Bihar assembly election 2020: Millions cast votes in Bihar under the shadow of Covid-19
Officials outside polling stations with thermal guns. Circles drawn on the ground to specify where voters should stand. Masks being distributed and hand sanitiser sprinkled liberally, and officers operating the election exercise with face shields.
Bihar saw India’s first mass election during the pandemic on Wednesday as 71 seats across 16 districts went to the polls. Roughly 11.5 million people exercised their franchise even as some complained of shortage of masks and violation of Covid-19 protocol laid down by the Election Commission.
The EC lowered the maximum number of voters for a booth to 1,000, staggered polling hours and extending postal ballot facility for those above 80. Arrangements for 700,000 units of hand sanitisers, 4.6 million masks, 600,000 personal protective kits, 670,000 face shields, and 2.3 million single-use gloves were made.
But in some districts, residents said the protocol was flouted. In Ara and Kaimur, some booths did not have spare masks for voters. In Bhojpur, voters jostled in queues outside the booth. In Jagdishpur, voters stood without masks close to each other. In some other districts, while voters sanitised their hands and wore masks, there was little distancing. “Neither mask nor gloves were provided to us at our booth. I even asked for gloves but it was not provided,” said Manoj Pandey, a voter in Ara.
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The fear of contracting Covid-19 was palpable among the polling personnel who number around 658,000, according to people in the know. Among requests for exemption from poll duty on medical grounds that rose this time were applications by officials who tested Covid-positive. Election officials, however, were not inclined to exempt those having recovered from Covid-19 as the risk of reinfection is considered infinitesimal.
In one such case, an official from the Central Government Health Scheme (CGHS) of the ministry of health was assigned election duty in Patna on October 28 and November 3, despite being on leave after suffering from post-Covid complications.
The CGHS additional director of Patna, the controlling officer of the official concerned, formally requested district election officials to exempt the staffer from poll duty, but the request was not accepted on the grounds that his letter for election training was already issued, said a CGHS functionary. “I am not aware of this particular case,” said additional district magistrate (ADM) Arun Jha, heading the personnel cell for conduct of the Bihar assembly elections in Patna district.
“Many officials, including our district magistrate, tested positive for Covid. This doesn’t mean that we exempt all of them from poll duty. We did not consider exemption requests of officials who had recovered from Covid and were past the mandatory isolation period,” he said. “We considered around 15 requests for exemption of officials who tested Covid-positive after the medical board set up to screen officials on health grounds recommended so.”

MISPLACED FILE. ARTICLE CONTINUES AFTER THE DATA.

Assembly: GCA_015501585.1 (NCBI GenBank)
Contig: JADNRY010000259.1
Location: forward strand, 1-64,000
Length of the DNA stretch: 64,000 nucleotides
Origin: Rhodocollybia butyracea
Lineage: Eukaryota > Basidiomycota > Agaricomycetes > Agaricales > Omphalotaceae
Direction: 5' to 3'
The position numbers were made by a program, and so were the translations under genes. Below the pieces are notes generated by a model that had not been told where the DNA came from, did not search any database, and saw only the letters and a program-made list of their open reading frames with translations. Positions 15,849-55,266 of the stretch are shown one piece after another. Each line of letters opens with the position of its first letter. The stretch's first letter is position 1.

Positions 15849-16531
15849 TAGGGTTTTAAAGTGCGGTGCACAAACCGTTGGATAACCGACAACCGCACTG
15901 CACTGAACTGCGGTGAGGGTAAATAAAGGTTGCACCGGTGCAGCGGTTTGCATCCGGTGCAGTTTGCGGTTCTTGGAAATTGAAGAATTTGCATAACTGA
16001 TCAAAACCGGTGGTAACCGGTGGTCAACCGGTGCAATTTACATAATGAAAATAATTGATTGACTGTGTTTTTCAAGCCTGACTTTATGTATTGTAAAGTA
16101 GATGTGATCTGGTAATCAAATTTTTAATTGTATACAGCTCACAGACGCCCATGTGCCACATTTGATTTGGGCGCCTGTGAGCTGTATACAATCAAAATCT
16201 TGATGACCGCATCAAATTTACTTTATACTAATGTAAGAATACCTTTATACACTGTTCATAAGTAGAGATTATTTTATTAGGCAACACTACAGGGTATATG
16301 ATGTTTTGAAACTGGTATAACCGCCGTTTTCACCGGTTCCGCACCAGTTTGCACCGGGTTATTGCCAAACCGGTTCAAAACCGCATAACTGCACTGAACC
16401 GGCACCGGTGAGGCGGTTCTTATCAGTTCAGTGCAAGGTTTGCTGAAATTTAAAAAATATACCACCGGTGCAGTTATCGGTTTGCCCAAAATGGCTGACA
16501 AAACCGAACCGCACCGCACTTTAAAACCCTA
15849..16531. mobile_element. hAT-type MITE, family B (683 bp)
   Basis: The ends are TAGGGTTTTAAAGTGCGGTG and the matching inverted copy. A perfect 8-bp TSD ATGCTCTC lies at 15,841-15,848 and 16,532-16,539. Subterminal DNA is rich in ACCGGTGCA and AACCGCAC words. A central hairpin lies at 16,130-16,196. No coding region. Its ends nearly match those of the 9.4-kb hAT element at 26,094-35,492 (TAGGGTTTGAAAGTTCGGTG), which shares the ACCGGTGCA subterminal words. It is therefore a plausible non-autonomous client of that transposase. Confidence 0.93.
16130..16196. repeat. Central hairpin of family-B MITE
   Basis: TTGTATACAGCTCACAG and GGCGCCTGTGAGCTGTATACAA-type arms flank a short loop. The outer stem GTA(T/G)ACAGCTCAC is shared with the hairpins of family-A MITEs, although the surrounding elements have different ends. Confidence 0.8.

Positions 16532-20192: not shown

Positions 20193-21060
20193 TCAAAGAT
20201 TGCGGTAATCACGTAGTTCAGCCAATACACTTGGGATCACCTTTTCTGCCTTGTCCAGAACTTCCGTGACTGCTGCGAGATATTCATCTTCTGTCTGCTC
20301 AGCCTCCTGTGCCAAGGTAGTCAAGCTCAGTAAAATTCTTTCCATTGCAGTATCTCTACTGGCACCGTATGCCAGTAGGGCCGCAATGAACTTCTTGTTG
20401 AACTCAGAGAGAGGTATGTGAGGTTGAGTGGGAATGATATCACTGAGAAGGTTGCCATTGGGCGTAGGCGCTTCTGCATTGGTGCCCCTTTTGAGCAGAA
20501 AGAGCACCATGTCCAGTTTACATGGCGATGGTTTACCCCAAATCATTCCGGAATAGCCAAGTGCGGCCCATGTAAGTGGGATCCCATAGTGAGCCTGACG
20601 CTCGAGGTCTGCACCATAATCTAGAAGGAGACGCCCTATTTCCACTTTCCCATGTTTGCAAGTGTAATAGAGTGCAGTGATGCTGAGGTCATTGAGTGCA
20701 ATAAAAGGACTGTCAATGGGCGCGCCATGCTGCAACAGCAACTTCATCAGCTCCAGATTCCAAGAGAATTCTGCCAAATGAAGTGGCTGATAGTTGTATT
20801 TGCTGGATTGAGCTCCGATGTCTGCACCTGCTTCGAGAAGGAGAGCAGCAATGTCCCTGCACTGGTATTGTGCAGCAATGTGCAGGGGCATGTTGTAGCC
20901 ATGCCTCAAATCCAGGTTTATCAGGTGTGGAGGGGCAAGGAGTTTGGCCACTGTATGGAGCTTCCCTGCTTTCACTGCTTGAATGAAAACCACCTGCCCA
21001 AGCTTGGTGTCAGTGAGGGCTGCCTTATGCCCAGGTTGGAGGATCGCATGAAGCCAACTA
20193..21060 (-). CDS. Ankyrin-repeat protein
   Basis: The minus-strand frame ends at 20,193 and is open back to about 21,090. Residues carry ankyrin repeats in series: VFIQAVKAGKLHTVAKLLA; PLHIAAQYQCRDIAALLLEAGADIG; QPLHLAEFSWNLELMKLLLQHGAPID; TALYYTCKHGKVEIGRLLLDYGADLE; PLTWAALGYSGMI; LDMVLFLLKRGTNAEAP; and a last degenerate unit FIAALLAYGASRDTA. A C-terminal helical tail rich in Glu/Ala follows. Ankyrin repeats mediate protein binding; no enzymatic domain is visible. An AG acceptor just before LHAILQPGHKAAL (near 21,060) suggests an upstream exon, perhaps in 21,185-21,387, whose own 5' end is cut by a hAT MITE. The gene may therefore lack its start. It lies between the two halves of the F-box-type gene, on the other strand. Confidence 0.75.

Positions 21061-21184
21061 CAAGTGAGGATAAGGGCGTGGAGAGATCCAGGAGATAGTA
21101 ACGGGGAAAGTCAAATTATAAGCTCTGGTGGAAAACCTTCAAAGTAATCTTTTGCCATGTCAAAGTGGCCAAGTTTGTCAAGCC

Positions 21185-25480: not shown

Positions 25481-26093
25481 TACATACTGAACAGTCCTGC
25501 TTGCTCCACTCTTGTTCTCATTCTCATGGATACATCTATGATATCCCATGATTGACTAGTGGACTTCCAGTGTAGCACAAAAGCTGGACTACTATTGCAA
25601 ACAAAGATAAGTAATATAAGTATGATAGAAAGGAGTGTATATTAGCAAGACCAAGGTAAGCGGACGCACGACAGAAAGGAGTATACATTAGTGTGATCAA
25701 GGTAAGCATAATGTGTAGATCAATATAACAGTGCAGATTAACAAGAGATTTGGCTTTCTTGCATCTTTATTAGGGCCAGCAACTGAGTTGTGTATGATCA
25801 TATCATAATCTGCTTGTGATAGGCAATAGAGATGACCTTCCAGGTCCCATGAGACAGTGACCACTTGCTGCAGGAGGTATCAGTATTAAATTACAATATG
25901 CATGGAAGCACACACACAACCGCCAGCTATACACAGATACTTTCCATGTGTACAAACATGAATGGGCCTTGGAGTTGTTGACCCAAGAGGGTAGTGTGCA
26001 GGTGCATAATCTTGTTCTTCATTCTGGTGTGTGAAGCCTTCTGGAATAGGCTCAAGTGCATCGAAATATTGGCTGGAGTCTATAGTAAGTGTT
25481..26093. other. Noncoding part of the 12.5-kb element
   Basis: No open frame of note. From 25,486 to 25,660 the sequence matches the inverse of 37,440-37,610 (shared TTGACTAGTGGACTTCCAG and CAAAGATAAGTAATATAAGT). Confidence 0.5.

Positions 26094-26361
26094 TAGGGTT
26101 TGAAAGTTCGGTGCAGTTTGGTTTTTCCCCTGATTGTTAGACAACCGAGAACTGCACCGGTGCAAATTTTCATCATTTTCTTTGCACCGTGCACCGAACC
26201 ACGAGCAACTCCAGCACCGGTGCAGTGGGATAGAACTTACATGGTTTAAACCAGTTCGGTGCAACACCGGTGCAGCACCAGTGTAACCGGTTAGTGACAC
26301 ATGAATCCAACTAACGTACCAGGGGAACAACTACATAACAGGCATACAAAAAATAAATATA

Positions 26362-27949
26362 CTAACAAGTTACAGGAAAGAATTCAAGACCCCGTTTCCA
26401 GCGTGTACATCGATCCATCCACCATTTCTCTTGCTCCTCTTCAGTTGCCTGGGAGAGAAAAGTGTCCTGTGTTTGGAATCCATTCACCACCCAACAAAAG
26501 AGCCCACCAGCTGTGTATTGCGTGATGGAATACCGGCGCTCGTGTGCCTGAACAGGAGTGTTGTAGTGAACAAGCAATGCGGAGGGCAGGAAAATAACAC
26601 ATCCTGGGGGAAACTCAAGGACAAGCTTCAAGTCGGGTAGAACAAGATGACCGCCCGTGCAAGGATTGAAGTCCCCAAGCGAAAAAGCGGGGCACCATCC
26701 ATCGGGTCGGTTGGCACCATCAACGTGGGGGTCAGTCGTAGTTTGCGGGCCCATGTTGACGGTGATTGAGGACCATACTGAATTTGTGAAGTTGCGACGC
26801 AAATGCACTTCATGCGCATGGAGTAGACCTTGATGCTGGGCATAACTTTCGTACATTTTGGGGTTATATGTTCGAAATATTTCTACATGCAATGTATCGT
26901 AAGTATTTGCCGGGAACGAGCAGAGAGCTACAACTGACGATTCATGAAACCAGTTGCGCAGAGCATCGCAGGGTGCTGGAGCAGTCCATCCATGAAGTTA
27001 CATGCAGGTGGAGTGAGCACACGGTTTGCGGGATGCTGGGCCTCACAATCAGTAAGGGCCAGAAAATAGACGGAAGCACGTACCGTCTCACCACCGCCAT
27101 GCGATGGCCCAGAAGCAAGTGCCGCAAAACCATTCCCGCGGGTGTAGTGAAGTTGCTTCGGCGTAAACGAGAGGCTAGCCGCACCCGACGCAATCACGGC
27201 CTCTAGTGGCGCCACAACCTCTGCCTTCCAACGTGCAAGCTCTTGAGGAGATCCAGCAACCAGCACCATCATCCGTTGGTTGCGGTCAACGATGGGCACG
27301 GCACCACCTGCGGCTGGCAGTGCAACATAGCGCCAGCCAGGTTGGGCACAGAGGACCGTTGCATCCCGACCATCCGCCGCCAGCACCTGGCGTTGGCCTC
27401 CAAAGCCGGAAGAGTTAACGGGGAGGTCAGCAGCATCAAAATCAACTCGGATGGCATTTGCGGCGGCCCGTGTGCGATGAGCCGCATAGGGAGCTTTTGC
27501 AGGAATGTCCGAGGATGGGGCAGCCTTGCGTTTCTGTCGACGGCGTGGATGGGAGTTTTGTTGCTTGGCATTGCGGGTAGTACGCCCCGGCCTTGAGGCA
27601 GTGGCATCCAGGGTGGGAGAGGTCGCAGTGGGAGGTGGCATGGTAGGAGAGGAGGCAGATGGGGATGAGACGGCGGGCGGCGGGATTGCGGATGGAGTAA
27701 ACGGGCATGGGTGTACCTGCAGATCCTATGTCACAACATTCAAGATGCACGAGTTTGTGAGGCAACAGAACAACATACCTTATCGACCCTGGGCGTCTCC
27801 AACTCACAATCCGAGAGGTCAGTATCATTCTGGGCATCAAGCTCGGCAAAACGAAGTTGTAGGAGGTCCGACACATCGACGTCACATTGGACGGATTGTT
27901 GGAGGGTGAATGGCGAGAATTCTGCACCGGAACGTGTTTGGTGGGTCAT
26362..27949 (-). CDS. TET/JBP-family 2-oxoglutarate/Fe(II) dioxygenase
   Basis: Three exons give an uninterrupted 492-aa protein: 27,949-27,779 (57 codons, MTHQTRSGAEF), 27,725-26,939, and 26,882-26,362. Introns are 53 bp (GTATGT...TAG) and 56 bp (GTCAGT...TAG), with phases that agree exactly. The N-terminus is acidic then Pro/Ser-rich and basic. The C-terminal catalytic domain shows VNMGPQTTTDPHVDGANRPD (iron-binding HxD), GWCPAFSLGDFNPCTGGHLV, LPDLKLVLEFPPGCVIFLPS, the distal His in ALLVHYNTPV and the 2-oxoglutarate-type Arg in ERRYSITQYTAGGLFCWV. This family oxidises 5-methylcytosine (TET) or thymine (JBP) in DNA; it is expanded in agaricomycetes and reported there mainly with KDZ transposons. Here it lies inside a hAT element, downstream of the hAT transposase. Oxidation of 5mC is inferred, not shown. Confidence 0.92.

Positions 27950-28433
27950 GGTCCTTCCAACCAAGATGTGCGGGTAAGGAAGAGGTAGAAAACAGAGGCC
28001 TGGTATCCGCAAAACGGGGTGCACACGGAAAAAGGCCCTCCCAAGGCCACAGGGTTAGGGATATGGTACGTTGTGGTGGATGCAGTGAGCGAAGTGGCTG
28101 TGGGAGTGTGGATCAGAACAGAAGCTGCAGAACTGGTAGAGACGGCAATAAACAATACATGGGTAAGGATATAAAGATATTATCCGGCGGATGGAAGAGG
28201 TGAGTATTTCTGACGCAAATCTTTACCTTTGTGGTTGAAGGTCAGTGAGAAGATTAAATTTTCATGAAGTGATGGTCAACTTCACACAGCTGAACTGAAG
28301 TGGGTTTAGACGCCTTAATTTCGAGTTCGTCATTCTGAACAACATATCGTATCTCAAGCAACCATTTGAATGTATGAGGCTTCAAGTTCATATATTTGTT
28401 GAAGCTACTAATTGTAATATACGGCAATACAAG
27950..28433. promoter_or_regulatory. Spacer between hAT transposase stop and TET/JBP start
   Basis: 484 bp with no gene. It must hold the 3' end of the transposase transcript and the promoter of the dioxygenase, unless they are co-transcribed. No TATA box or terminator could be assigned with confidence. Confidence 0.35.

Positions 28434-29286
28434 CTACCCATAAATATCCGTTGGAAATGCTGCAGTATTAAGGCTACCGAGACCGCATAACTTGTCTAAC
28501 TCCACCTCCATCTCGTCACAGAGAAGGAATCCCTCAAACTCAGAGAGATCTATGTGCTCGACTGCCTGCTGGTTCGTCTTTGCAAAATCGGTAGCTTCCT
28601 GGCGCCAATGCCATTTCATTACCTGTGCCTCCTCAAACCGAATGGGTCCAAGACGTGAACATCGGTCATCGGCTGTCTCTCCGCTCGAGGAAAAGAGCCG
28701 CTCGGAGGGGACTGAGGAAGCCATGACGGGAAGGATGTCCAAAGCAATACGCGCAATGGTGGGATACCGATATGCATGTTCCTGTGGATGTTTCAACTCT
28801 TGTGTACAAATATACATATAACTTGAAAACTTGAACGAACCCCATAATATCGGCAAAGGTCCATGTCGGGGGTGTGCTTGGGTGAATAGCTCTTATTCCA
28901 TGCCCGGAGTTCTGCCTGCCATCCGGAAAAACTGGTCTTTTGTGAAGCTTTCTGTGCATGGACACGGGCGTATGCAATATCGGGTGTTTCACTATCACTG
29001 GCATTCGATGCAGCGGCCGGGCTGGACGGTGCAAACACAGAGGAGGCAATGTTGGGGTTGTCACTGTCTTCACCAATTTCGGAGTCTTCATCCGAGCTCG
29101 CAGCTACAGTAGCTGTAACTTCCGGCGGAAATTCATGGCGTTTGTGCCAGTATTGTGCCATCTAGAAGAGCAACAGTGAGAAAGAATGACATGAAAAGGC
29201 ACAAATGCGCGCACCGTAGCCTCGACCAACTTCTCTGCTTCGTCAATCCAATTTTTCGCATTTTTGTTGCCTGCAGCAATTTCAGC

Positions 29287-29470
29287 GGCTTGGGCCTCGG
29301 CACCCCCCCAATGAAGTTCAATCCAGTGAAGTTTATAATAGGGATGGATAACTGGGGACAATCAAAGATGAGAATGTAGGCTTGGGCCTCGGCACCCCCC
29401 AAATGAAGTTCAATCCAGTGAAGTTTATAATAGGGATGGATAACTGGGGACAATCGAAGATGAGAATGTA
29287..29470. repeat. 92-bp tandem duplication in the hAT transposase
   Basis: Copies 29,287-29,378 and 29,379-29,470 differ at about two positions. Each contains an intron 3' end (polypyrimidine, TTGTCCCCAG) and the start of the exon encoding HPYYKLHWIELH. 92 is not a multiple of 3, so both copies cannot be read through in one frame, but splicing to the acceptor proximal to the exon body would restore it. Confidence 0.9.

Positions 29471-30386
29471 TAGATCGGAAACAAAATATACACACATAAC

The medical board considered for exemption 1,500 of 2,000 applicants who were asked to appear before it at Patna’s Sri Krishna Memorial Hall 10 days back, said ADM Vinayak Mishra. Jha said the number of requests for exemption of officials from poll duty was more this time as compared to previous years. He, however, could not quantify the requests made on grounds of Covid. “We did not screen applications on the basis of Covid-19, though requests for exemption from poll duty were certainly more this year.”
Bhagalpur exempted around 600 officials from poll duty of the 950 requests it received on medical grounds, said Pranav Kumar, its district magistrate. “We received around seven requests for exemption on grounds of Covid, claiming they have been infected by the virus after being assigned poll duty,” said Kumar.
Barring Patna, most of the remaining 37 districts of Bihar have a positivity rate of less than 5% on real time polymerase chain reaction (RT-PCR), the confirmatory test for Covid-19. Patna’s positivity rate was over 7% on RT-PCR tests. However, the positivity rate in most districts would be less than 1%-2% if rapid antigen tests were also to be taken into account, said health officials, who did not wish to come on record. The state has seen roughly 214,000 cases.
“Despite the precautions, we are definitely scared of Covid-19, but have to do election duty, as we do not have a choice. As officers, it is our mandate to conduct elections, which is a constitutional obligation,” said Anil Kumar, general secretary of the Bihar Administrative Service Association (BASA). Around 900 of 1,243 BASA officials have been deputed for election duty in Bihar.
“Everyone is scared of Covid-19. Social distancing, which the government has been advocating as a precautionary step, is not being followed in the true sense and exists only on paper, which is worrisome for poll officials,” said Anjani Kumar, former general secretary of the Bihar Engineering Services Association (BESA).
(With inputs from Prasun K Mishra in Kaimur and Prashant Ranjana in Ara)